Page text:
When I started college in January, 1995, and had access to labs and labs and labs of computers directly connected via Ethernet, with Mosaic and Netscape installed, it was like I had found my Nerd Nirvana! It only got better when I took a C programming course on the Sun workstations in the basement of the DCL . . .
Dad gives a thumbs up from the driver's seat of a VW bus I rented on Oahu.
Some of my fondest memories of my Dad involve long expeditions in a VW bus. I rented a VW camper bus for a few days on Oahu, and had him pose. Given Dad’s health challenges these past years, to see him make it to Hawaii for the wedding and to enjoy the scenery in an old Volkswagen . . . that’s a good time.
Some folks are irritated with American reactions to the death of Osama bin Laden. Julie indicated that she had mixed feelings upon seeing our “own countrymen basically holding a frat party outside of the White House, hanging off of trees and singing ‘Nah nah nah nah, hey hey hey, goodbye!'” I have heard others moan that this doesn’t change anything, why are we celebrating?
So, I expressed my own feelings in a comment on Julie’s blog:
I was happy about the news yesterday, and I still am. We killed a bad guy who has devoted his life to killing us. That is a victory, and I am proud and glad.
When the crowd outside the White House gathered and sang the Star Spangled Banner, it brought a tear to my eye. Then, America the Beautiful. People gathered at Ground Zero for a candle light vigil. In both places, the crowd chanted “USA! USA! USA!” They spoke for me.
I think it is debatable who kills the most Muslims. Our military adheres to Rules of Engagement that put them at greater risk in order to protect Muslim civilians. On the other hand, extremists recruit the young and naive to walk into crowds of Muslims wearing explosive vests.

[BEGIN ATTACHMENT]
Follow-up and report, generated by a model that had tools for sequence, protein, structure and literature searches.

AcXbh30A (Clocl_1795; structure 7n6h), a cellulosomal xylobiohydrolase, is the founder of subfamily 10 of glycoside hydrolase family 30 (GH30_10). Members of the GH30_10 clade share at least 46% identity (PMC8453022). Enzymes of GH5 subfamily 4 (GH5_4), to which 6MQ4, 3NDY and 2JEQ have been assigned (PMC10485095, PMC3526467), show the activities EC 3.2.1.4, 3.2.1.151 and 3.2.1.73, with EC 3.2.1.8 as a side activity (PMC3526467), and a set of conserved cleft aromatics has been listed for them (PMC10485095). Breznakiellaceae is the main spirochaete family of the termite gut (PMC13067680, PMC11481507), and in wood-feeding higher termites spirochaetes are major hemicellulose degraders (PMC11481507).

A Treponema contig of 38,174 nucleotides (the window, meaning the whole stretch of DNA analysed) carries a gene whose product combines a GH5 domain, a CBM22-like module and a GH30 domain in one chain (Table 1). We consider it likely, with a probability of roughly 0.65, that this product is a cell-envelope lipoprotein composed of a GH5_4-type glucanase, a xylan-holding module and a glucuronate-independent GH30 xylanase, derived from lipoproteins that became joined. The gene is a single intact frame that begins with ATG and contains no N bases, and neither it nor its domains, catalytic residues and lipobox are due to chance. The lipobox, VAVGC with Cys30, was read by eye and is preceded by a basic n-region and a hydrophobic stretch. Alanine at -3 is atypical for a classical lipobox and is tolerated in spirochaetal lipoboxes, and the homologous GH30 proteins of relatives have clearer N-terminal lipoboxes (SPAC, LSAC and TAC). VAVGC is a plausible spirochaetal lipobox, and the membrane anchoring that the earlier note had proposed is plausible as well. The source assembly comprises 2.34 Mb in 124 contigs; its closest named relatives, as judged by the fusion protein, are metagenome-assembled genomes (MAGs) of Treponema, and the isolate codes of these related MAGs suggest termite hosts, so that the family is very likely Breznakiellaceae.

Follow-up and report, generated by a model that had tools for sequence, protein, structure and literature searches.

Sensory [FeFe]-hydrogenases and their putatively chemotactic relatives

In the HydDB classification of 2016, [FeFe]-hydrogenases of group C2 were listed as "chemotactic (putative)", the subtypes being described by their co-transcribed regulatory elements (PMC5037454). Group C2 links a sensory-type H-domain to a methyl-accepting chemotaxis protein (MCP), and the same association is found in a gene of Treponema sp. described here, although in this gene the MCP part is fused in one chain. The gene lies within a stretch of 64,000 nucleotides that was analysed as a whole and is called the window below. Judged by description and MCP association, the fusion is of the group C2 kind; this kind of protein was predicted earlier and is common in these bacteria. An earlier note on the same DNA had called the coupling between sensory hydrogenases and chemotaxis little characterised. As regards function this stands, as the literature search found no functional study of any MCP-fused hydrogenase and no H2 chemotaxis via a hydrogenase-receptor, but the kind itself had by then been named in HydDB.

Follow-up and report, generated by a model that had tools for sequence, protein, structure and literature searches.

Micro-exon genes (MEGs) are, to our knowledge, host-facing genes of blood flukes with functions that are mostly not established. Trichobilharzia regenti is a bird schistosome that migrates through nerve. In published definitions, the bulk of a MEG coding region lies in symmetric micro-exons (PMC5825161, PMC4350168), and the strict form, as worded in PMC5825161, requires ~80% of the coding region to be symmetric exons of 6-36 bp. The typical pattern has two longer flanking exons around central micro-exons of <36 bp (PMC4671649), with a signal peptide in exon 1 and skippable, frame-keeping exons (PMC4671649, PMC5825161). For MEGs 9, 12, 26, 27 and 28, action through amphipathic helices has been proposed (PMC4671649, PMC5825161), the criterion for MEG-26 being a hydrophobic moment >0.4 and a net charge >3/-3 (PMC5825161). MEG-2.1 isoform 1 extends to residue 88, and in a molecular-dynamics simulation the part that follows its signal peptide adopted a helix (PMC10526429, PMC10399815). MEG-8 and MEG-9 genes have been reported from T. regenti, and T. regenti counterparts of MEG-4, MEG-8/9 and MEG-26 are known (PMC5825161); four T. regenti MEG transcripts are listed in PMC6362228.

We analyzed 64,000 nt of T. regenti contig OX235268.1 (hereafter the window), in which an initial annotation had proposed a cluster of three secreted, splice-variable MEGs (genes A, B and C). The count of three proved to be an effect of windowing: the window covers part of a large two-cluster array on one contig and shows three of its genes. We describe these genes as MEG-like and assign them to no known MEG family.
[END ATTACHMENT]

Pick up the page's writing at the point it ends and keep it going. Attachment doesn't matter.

We are not perfect and we shouldn’t pretend to be. We make mistakes, we kill innocents, and we have failed to hold ourselves to our own standards of humane treatment of prisoners and jurisprudence.
We are drawing down forces in Iraq, which has changed from a brutal dictatorship built on terror to a messy, unstable, imperfect democracy vulnerable to sectarian violence. We now have one less reason to linger in Afghanistan, which may help motivate the government there to get its act together.
Last night was progress. America done good and a bit of pride is perfectly reasonable.
I mean, its no Moon Landing. No sincere attempt to curb global warming or end world poverty, hunger, disease . . . but it is progress and I’ll celebrate it just the same.
You never forget your first computer.
For Christmas of 1984, Grandpa gave us a
Commodore 64. A couple years later we
got a disk drive, and eventually we even
had a printer. Before the disk drive we
had to buy programs on cartridge, or
type them in to the basic interpreter
line by line. Mostly I just played
Eventually we got a modem, and I could
talk to BBSes at 300 baud in 40 glorious
columns. (Most BBSes assumed
80-columns.) I was happier when I got a
1200 baud modem for my Amiga, which
could display 80 columns of text.
In my second year of college I
discovered the joy of C programming on
Unix workstations, which led to my
present career as a Unix SysAdmin. I
spend my days juggling multiple windows
of text, generally at least 80x24. /djh
Fans in Mountain View Celebrate India's World Cup Victory
As I was walking home from the cafe I encountered a growing crowd of shouting, chanting, singing folks waving Indian flags. I googled “Indian Holidays” on my smart phone, then thought to google “India cricket” and it turns out India has just beaten Sri Lanka to win the World Cup.
In my Sophomore year of college I was paired with a roommate from India. Tarun was a very serious EE major who left the room for only three things: 1) classes, 2) meals and 3) the India-Pakistan cricket match. He was a nice guy but since he was always studying in the room he wasn’t an ideal roommate.